Picture:
Picture:
iStock/Getty Images/ Matt Fitzpatrick/ University of Maryland Centre for Environmental Science

A new interactive map has been published online that will show you how climate change will affect the planet by the year 2080.

As you may be aware, climate change deniers like Donald Trump and Fox News continue to dismiss science and facts because they cannot see it taking place before their eyes.

That's what the new map aims to show by allowing users to see an estimated visualization of what the climate in North America will look like.

According to the map, cities around the United States will experience dramatic change with locations in southern states feeling more like Mexico and Florida feeling closer to Central America.

Picture: Matt Fitzgerald/ University of Maryland Centre for Environmental SciencePicture: Matt Fitzgerald/ University of Maryland Centre for Environmental Science

The map has been created by the University of Maryland Centre for Environmental Science, with the system being detailed in a new paper by Nature Communications.

The aim of the map was to make this crucial information more digestible and less abstract to the public, by comparing 540 urban areas to the climate of a familiar location.

Picture:\u00a0Matt\u00a0Fitzgerald/ University of Maryland Centre for Environmental SciencePicture: Matt Fitzgerald/ University of Maryland Centre for Environmental Science

The map was made possible thanks to a statistical technique named climate-analogue mapping which provides comparisons to modern day and future climates of urban areas.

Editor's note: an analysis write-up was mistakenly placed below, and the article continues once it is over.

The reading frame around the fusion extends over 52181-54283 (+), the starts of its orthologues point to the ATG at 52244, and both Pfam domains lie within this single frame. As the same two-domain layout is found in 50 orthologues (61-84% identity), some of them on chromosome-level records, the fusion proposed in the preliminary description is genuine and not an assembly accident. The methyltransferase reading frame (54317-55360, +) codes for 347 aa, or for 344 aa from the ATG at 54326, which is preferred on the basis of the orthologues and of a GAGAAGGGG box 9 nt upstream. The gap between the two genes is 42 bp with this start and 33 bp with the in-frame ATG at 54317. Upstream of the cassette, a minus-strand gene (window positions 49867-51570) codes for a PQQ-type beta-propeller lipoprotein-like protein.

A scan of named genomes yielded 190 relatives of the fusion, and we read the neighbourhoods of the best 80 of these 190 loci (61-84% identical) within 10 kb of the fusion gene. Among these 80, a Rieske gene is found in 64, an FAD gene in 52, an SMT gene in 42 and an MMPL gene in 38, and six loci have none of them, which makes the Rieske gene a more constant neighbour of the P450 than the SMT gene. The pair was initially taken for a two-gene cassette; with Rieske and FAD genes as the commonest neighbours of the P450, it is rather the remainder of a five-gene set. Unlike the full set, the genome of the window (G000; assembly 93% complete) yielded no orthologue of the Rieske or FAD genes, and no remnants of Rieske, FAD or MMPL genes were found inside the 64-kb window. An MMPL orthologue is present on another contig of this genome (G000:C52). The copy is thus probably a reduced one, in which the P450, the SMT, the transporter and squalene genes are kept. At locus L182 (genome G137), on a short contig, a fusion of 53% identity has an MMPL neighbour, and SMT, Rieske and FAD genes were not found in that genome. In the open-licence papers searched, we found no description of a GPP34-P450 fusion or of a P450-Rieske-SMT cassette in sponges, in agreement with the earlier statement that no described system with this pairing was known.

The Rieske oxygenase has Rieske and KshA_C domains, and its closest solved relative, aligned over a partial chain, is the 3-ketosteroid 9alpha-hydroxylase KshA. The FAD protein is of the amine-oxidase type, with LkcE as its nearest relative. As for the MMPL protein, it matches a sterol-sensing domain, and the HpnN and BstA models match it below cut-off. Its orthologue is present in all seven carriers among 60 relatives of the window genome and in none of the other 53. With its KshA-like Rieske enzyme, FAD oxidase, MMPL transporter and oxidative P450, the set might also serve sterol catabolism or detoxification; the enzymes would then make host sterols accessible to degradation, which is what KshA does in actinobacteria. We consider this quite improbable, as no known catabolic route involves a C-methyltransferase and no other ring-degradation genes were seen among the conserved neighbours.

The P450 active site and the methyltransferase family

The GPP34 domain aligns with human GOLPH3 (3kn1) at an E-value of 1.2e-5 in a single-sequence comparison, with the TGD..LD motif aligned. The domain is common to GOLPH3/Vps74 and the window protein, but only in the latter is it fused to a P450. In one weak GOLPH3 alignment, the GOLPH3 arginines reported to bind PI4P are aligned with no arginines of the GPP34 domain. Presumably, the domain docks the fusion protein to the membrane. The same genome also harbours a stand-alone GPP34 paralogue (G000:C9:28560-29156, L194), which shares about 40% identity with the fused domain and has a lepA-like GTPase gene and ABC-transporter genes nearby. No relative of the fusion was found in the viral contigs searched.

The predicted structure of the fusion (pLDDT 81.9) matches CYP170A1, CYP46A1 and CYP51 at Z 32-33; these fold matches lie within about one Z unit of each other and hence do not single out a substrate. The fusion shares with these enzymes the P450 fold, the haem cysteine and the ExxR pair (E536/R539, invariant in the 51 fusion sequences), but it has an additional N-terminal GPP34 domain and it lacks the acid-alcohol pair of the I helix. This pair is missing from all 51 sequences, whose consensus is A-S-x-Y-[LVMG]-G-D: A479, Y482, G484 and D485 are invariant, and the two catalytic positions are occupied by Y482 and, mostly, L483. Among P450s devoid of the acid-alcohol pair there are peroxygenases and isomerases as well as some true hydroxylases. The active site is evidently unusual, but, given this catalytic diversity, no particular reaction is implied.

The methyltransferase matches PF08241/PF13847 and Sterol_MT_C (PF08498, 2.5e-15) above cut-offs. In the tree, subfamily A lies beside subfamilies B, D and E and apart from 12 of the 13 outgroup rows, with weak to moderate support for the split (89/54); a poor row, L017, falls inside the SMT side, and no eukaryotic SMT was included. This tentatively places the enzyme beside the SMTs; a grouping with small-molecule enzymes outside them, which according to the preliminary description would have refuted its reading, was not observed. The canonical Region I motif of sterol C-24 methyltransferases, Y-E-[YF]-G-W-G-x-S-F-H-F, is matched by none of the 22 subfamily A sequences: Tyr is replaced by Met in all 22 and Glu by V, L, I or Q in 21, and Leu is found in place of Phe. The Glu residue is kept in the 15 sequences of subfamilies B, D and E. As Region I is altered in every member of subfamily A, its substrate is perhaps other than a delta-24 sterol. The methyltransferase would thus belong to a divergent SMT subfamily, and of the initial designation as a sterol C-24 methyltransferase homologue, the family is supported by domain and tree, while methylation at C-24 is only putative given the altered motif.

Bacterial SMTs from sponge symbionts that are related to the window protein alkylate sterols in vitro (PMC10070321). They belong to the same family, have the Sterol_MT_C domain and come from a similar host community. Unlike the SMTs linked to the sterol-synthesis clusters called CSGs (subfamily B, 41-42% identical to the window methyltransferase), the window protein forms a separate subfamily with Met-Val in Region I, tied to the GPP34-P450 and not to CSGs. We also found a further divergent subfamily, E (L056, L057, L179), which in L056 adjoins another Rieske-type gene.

Speaking to Newsweek, Dr Matt Fitzpatrick an associate professor at the University of Maryland said:

Our results show just how dramatic a transformation climate is expected to undergo over the next several decades. These changes are already underway.

If emissions continue at the same rates, many urban areas will eventually experience climates unlike any found at present in the western hemisphere North of the equator.

Our results clearly show the effect that reducing emissions could have on the magnitude of future climate change.

The scientists who worked on the map have acknowledged that it does miss out important issues like sea levels, health complications, extreme weather events and the influx of non-native species.

Fitzpatrick adds:

Everyone should be concerned, but especially those living in places that are particularly dependent on the current climate regime to provide adequate water and where coastal flooding will become a substantial threat.

HT Newsweek

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